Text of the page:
The United States is a big country with fifty states. These individual states are the distinct battlegrounds in which the COVID19 War is being waged.
Some areas — the NY-NJ-Conn Tri-State Area — are linked at the hip, but the rest of the country is seeing a series of individual fights that may have different regional outcomes based on the elemental nature of their population density — urban/dense and rural/sparse — and the way the fight is undertaken.
There is good news and bad news:
1. The good news — individual states, cities, counties will rise to the occasion and, through superior execution, conduct an effective campaign and bear a lighter burden.
2. The bad news — the individual states, cities, counties who do well will become domestic immigration targets. People will start moving from high risk areas to these lower risk areas, thereby importing — potentially — the COVID19.
The phenomenon of the Manhattan Beautiful Persons moving out to their Hamptons homes is a real thing and will overwhelm the small hospitals thereat.
In addition to the political subdivision fights, there is the personal fight — you and me. We need to do our individual duty to ensure we are not the target of COVID19 and that we do not spread it.
This is entirely a behavioral challenge. If you stay home, things will be better than if you are mobile. [Please refer to the 1971 song by The Who, “Going Mobile” a favorite Vietnam War tune like “Galveston.” But you knew that, right?]
Here are some tips for all of us:
1. Stop thinking you are 20-something, 30-something and invulnerable. There are plenty of body bags filled and going to be filled with your age group.
Stop dancing with stupid. No Spring Break even if it is in Mexico. Wise up.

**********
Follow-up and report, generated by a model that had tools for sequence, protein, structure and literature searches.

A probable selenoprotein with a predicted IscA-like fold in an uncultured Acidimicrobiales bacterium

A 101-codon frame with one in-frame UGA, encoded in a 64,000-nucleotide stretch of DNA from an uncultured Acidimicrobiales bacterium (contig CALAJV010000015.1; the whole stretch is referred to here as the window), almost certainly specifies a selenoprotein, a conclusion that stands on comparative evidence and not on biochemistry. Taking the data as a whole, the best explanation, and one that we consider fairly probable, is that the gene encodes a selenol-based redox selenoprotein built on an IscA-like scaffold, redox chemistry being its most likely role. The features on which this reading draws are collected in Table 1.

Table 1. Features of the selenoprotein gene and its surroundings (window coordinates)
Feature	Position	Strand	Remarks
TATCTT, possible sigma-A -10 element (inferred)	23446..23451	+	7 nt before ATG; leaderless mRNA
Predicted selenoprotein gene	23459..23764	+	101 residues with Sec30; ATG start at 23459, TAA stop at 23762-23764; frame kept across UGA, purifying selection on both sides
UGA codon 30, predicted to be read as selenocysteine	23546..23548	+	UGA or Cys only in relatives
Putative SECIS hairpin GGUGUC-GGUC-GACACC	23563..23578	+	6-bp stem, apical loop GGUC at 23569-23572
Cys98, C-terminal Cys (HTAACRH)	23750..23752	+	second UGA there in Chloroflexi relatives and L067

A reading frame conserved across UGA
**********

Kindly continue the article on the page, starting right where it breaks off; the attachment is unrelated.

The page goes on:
2. Wash your damn hands before, after everything. If you must go out, use hand sterilizer before and after every contact point.
3. Don’t think that incidental contact doesn’t matter. If you order something from Amazon, know that that cardboard box could be contaminated. Quarantine the box and wipe it down with Lysol wipes or a weak bleach solution.
4. Do not contact elderly persons — anybody over 60 — as they are hugely vulnerable. Do not kill Grandma.
5. Be careful on how you get groceries. Get in, get out, do not dawdle. Use delivery, but use the Amazon box approach.
6. Inject energy into the world, blow sunshine.
7. Get down on your knees and pray. Pray for your country. Pray for all the people in the world. Pray for God to give you the grace to prevail.
If you don’t know how to pray, don’t worry God has a beginner’s lane and He will be listening. You will get really good at it and it will be a source of comfort.
8. If you get sick, fight. It starts with a positive attitude. Nobody has ever said, “My ardent pessimism carried me through that tough time.”
The vast majority of Americans will survive — like 99%. Be one of those 99%.
Whether you wanted to or not, you got drafted, dear reader. You are in a deadly profession now.
It is like 1970, you just got your draft notice, you passed your physical, got drafted, and your MOS (military occupational specialty) is 11B — Eleven Bravo INFANTRY. You are on the bloody edge of the bayonet and you will be expected to fight.
Guess what? You are going to find out you are way more of a fighter than you ever knew. It was in there all the time. It just took a little friction to reveal it.
You are in the fight. The fight is right at your doorstep and there will be casualties if you don’t rise to the occasion. Avoid that body bag. Do your duty.
Good news — we are being called to do simple stuff and we are good at simple stuff.
Do your duty, America. Get in the fight and fight, remembering the DNA of this country was formed at the point of a bloody bayonet.
We are a nation of fighters and we have proved it continually in world wars, in trips to the moon, in building the Hoover Dam, in raising kids, and we will prove it again. Old wine, new bottles.